Quick! What’s ginormous, seemingly always yelling, reeks of fish, and weighs thousands of pounds?
Don’t know the answer?
Why, it’s an elephant seal, of course!
This past weekend, a couple of fellow National Park Service coworkers and I got together to go tide-pooling along one of the beaches in Point Reyes. We saw all kinds of amazing animals: sea anemones, mussels, crabs, sculpins, and even elephant seals.
Although I consider myself to be a “fish person”, I will readily admit that seeing an elephant seal in-person has definitely been near the top of my bucketlist for the past five years or so. You can imagine my excitement when I finally got to set my eyes on not just one, but nearly a dozen northern elephant seals (Mirounga angustirostris)! (Call me crazy, but there’s just something so appealing to me about seeing their obnoxiously-loud, beautifully-ugly, slug-like, not-so-little bodies firsthand.)
So in honor of this momentous occasion – and to hopefully sway any of you out there that think that these guys are too ugly to love – I put together some fun facts about northern elephant seals and some tips and tricks on how to view them yourself!
FUN FACTS ABOUT THE NORTHERN ELEPHANT SEAL
- There are 2 known species of elephant seals in the world today: northern elephant seals (like the ones I saw here in Point Reyes National Seashore) and southern elephant seals (Mirounga leonina). Northern elephant seals can be found along the Pacific coast of Mexico, the United States, and Canada; whereas southern elephant seals are found near Antarctica!
- These seals were nearly hunted to extinction in the 1800’s, as people used their blubber as a source of oil. However, I’m happy to share that since the 20th century, the population numbers have been steadily increasing!
- Northern elephant seals are the 2nd largest pinniped*, with southern elephant seals being the largest. (*“Pinniped” is the scientific group name for seals and walruses.)
- Both northern and southern elephant seals are highly sexually dimorphic, with males being much larger in size than females. Males also have longer canines and develop the signature “elephant” nose at maturity! For northern elephant seals, adult females average 650kg (1,400lbs) and 2.5m (8ft) in length, and males 1,800kg (4,000lbs) and 3.8m (12.5ft)! They’re huge!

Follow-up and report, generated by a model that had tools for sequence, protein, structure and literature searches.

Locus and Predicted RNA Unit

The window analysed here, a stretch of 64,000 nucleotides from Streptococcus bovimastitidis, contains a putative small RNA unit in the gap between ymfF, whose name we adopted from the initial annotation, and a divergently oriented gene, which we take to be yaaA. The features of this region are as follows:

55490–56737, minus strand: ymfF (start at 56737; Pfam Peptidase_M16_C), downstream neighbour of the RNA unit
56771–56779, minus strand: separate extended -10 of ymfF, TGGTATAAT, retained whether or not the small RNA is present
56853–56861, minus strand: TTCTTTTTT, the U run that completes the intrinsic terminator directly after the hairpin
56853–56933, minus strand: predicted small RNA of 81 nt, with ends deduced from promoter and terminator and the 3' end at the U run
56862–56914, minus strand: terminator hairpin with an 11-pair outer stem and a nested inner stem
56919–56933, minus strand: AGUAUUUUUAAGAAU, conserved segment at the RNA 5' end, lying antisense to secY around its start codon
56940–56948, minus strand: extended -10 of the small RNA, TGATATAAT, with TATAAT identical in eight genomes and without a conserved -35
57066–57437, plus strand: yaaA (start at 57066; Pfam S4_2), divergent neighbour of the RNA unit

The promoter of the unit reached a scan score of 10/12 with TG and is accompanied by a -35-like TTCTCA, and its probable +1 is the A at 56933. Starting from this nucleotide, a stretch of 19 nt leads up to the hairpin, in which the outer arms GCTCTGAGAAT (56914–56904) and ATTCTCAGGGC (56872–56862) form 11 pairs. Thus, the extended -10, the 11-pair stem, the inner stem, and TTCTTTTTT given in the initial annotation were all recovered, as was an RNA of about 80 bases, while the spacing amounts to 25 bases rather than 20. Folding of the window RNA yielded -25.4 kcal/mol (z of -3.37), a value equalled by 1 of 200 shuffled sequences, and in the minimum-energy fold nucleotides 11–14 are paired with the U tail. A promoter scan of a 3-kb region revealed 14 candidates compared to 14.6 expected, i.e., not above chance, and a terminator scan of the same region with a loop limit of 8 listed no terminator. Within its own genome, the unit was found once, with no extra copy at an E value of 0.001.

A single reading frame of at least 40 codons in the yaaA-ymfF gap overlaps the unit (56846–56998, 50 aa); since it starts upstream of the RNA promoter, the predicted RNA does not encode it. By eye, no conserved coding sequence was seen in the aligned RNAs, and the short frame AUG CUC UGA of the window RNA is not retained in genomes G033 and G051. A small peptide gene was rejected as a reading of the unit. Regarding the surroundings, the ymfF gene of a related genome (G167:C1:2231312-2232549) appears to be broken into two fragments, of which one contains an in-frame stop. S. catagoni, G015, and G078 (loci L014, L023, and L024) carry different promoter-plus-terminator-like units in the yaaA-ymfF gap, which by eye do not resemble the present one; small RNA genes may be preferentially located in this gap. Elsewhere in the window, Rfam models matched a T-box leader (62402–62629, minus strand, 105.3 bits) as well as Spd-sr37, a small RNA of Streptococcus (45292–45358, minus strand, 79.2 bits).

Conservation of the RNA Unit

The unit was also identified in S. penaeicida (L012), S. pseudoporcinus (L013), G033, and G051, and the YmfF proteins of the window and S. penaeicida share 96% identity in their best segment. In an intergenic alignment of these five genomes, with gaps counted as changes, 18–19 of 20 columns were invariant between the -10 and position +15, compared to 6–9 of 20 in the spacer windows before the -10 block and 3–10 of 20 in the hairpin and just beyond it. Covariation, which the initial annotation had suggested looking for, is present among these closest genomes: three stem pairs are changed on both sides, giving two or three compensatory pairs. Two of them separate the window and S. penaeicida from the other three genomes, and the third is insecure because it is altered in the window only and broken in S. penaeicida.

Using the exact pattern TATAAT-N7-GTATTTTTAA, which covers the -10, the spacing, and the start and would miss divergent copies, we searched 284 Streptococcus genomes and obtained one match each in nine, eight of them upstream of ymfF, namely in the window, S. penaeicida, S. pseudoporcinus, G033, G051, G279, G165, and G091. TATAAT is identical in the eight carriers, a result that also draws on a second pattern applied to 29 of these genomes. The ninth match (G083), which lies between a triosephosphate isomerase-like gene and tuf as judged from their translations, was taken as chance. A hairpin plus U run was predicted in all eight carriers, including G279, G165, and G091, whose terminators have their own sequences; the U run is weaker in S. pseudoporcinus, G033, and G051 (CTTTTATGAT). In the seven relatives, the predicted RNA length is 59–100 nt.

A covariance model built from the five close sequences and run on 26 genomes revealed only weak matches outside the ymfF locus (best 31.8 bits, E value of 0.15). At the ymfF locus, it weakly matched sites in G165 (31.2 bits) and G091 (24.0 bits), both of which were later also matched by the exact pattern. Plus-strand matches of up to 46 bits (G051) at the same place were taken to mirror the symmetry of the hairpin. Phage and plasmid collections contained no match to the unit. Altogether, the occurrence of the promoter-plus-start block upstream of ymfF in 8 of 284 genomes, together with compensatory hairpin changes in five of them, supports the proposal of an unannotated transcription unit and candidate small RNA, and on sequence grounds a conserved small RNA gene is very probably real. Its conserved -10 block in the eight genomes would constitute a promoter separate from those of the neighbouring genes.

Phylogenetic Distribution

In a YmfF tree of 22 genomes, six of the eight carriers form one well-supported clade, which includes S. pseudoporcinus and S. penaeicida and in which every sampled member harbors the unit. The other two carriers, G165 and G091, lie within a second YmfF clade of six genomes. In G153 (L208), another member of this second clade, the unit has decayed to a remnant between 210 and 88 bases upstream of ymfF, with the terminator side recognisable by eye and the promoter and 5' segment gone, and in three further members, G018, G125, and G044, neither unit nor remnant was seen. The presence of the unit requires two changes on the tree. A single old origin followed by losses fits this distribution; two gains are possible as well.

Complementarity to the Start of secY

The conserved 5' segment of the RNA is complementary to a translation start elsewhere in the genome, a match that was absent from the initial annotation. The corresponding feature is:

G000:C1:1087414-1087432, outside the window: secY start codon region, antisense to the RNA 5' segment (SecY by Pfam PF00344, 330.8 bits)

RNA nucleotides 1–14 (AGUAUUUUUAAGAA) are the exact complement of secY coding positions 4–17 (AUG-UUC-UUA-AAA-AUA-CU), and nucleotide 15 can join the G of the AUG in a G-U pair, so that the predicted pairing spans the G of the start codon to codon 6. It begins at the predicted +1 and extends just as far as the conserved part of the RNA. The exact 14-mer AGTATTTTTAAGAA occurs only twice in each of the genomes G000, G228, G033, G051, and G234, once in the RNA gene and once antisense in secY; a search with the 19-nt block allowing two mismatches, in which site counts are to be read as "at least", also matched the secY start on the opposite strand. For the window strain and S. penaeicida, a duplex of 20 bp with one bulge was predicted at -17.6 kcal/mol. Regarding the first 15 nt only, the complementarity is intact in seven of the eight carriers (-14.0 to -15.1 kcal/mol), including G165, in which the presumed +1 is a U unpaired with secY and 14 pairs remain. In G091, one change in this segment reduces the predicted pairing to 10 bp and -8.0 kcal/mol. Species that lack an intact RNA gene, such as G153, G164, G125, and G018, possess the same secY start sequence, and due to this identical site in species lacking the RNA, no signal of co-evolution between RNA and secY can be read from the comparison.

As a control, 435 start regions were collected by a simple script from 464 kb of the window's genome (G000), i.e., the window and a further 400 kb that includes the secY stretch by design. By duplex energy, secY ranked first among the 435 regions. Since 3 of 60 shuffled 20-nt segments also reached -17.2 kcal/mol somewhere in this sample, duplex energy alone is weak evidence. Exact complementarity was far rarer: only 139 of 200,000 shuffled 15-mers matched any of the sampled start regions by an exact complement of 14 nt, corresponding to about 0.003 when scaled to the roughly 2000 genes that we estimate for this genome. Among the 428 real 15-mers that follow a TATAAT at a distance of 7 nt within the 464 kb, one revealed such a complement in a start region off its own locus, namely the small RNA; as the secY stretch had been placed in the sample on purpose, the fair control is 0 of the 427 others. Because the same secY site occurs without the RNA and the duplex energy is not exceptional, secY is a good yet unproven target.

- Elephant seals are carnivorous, consuming a variety of animals including squid and fishes!
- To hunt for food, this species has been known to dive up to 1,500m (~4,900ft) in depth, remaining underwater for up to 2 hours at a time!!!
- Throughout the year, these animals have been known to swim over 20,000km (~12,400mi)! This is nearly equivalent to swimming halfway around the globe.
- Elephant seals are one of two pinnipeds (the other being the Hawaiian Monk Seal), that undergo an annual catastrophic molting. Unlike other seals who just shed their fur, these guys shed their fur and their first layer of skin – nearly all at once! This process is – understandably – very energetically taxing for them, so rather than this take place in the water, they come up to beaches to rest and molt on land.
- The lifespan of northern elephant seals is approximately 10 years!
- This species is highly polygynous, with one male gathering harems of sometimes hundreds of females! Males will often compete for territory and mates – these battles are often pretty gnarly, leaving one or both individuals injured.
WHERE CAN I SEE ELEPHANT SEALS?
Now, you might be thinking to yourself “These guys are so cool! Where can I go to see an elephant seal??” If you’re in the Point Reyes National Seashore area, then the answer is “not far”! While elephant seals only congregate on beaches during certain times of year (e.g. for pupping, molting, etc.), there are plenty of viewing areas around the park for when they’re here! Before you go, however, make sure to read up on what to expect and how to safely view these animals in the wild.
For now, here are some of my tips for viewing elephant seals…
TIPS FOR SAFE VIEWING
- It should go without saying, but always, always keep your distance from wildlife. Not only are elephant seals protected by the Marine Mammal Protection Act, but these guys are faster than they look and can be very territorial! The National Oceanic and Atmospheric Administration (NOAA) and the National Marine Fisheries Service (NMFS) recommends staying at least 100ft away from these seals at all times.
- If you want a closer look at the seals, don’t walk closer – bring binoculars!
- Never bring your dog with you when you go to look at elephant seals. Although your dog might be well-behaved and not bark nor try to run towards the seals, the seals might perceive you (and your dog) as a threat. I guarantee that these seals vastly outweigh both you and your dog, so you don’t ever want to be in a position where you’ve accidentally startled or threatened one of them.
- Always obey beach closures and restrictions – they’re put in place to protect you and the seals.
For more information on elephant seals, check out: